In the mid-20th century, burgeoning television programming was often live, newscasters smoked on set, hosts had strange sidekicks (a chimpanzee named J. Fred Muggs, for example), and dramatic programs featured scripts by Rod Serling, Arthur Miller, Paddy Chayevsky, and Gore Vidal, to name just a few. By the 1960s, classic series from I Dream of Jeannie to Bonanza governed the nightly airwaves, followed by the socially conscious comedies of the 1970s; the diva catfights and conspicuous consumption of the 1980s; and the snarky, ironic, and self-awareness of Seinfeld and The X-Files in the 1990s. Within those 40 years or so, television productions had one common thread: writers! With the arrival of the 21st century, it seemed as if the scribes had decided to go on hiatus, hang up their laptops, stow their pencils, and shelve their notebooks. As the Writer’s Guild of America wrestled over residuals from DVD sales and new media, society’s exploding interest in the “real” lives of others gave us Survivor contestant Richard Hatch, American Idol Kelly Clarkson, and a passel of Kardashians. It was a new phenomenon…or was it?
The 1954 film It Should Happen to You, directed by George Cukor and starring Judy Holliday, is all about fame for the sake of desiring fame. Sound familiar? Holliday’s Gladys Glover is a none-too-successful model who has descended upon Manhattan from Binghamton, NY. In the 1954 New York Times review, Bosley Crowther writes, “Again Miss Holliday is playing a daffy American miss whose air of confusion and self-delusion conceals her gumption and native honesty. And this time she’s racing toward disaster because of a normal aspiration for fame.” One day while walking in Central Park, Gladys is being filmed by a kindhearted documentary filmmaker named Pete Sheppard (Jack Lemmon). It is on that innocuous walk through the park that Gladys notices a bare billboard atop a building in Columbus Circle. Whether through recklessness, ambition, or pure insanity, she rents the billboard and has her name painted across the expanse. All of sudden, the name Gladys Glover is known by most of Manhattan, and everyone is wondering: Who is this woman?
Again, Crowther sums up Gladys’s folly perfectly: “From this ridiculous ostentation there develops a train of events that soon has poor Gladys spinning—and dodging—like a squirrel in a cage.” The billboard catches the attention of the affluent playboy Evan Adams, III (Peter Lawford), who tries to seduce the tentative Gladys. While she might be a bit eccentric, Gladys knows a pick-up line when she hears it and is wary of Evan’s smooth talking; when Evan leans in dramatically close, Gladys instinctively pulls back. Fame continues to build for Gladys and she is pursued by celebrity promoter/agent Michael O’Shea (Brod Clinton), who promises even brighter lights and notoriety. Gladys is soon on TV, where her slightly off-kilter witticisms make her a charming guest.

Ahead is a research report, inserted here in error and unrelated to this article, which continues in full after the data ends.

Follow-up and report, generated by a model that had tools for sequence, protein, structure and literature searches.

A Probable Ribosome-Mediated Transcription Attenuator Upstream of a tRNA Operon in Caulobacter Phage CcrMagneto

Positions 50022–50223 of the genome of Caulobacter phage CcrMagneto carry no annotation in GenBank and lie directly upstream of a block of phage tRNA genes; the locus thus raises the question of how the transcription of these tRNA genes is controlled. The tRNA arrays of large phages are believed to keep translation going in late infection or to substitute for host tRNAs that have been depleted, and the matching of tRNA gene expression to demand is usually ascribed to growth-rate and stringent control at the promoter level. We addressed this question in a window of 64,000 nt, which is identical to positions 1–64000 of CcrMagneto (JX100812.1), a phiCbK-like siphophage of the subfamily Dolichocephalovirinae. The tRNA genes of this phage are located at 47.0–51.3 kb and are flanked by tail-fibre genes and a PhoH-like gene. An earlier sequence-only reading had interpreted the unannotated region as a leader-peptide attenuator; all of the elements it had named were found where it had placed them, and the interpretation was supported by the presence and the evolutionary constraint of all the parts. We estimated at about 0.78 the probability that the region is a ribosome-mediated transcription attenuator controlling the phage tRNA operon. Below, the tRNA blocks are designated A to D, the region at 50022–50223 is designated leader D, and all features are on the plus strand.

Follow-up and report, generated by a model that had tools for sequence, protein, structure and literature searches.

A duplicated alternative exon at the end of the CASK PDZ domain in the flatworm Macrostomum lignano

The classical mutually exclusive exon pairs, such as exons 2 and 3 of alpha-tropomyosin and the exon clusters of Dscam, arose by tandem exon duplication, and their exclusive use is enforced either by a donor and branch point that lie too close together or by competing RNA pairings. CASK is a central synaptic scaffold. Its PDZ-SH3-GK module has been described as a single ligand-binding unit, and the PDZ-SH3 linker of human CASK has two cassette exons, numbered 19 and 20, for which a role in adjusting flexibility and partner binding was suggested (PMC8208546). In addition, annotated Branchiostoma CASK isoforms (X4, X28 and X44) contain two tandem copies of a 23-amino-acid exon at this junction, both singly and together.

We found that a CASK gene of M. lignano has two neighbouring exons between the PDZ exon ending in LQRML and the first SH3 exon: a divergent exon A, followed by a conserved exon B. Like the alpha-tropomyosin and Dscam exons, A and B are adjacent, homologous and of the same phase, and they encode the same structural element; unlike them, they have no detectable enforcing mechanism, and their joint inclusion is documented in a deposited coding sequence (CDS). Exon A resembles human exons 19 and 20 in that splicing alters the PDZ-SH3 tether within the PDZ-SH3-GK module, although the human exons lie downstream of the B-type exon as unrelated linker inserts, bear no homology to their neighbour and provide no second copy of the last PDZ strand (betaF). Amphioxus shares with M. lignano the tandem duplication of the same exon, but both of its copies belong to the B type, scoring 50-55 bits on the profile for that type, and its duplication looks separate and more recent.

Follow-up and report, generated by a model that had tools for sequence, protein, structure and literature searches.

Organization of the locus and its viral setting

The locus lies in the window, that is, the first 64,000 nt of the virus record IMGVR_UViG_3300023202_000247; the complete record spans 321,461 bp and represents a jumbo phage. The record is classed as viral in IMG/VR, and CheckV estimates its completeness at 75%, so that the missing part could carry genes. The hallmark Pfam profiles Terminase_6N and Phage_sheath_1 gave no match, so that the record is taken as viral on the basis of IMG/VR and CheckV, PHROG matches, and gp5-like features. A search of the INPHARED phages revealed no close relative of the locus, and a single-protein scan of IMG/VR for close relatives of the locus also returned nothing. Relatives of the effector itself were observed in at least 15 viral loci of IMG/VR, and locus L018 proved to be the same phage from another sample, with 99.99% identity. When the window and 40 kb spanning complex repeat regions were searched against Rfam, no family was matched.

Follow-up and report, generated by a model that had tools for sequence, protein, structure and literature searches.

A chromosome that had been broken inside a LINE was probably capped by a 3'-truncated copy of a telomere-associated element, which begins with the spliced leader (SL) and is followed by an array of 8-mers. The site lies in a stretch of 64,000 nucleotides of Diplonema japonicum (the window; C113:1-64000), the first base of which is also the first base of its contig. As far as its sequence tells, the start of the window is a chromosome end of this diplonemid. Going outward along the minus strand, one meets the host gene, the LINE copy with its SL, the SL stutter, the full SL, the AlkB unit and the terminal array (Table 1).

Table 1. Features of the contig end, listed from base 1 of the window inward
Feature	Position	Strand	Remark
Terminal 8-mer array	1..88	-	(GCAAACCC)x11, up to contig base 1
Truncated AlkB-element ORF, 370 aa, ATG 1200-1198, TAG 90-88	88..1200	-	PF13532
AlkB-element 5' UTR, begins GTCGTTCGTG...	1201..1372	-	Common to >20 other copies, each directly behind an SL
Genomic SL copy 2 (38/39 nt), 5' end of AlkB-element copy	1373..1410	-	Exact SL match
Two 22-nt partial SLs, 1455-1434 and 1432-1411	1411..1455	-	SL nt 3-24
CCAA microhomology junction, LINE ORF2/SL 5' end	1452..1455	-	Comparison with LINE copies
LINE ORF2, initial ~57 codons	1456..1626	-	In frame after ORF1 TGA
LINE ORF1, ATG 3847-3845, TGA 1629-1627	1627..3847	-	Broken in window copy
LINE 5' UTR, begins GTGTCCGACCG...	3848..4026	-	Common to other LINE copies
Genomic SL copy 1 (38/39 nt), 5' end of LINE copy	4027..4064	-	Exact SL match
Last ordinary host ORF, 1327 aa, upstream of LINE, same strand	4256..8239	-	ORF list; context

Rapidly tiring of the constant pursuit by journalists, television reporters, and autograph seekers, Gladys is ready to return to anonymity. In the end, the flash of the camera bulbs and relentless recognition is intolerable for the unpretentious girl from Binghamton. The superficial playboy is insincere and the public will throw her over for the next sensation, but Gladys knows the understated Pete Sheppard is a keeper, fame or not.
If It Should Happen to You foresaw the reality TV fuss and the fame-for-the-sake-of-fame quandary, the credit goes to the Garson Kanin screenplay that brings the fictional story to life. There is no doubt in my mind that the talented actress Judy Holliday will last a lot longer in the hearts and minds of the public (and cultural history) than most of our so-called “reality stars.” Holliday didn’t have a “K” in her name or the inclination to give a red rose to a bachelor suitor, but she did create a fascinating character who learned that fame is nice to dream about, but an awful lot of effort once you have it.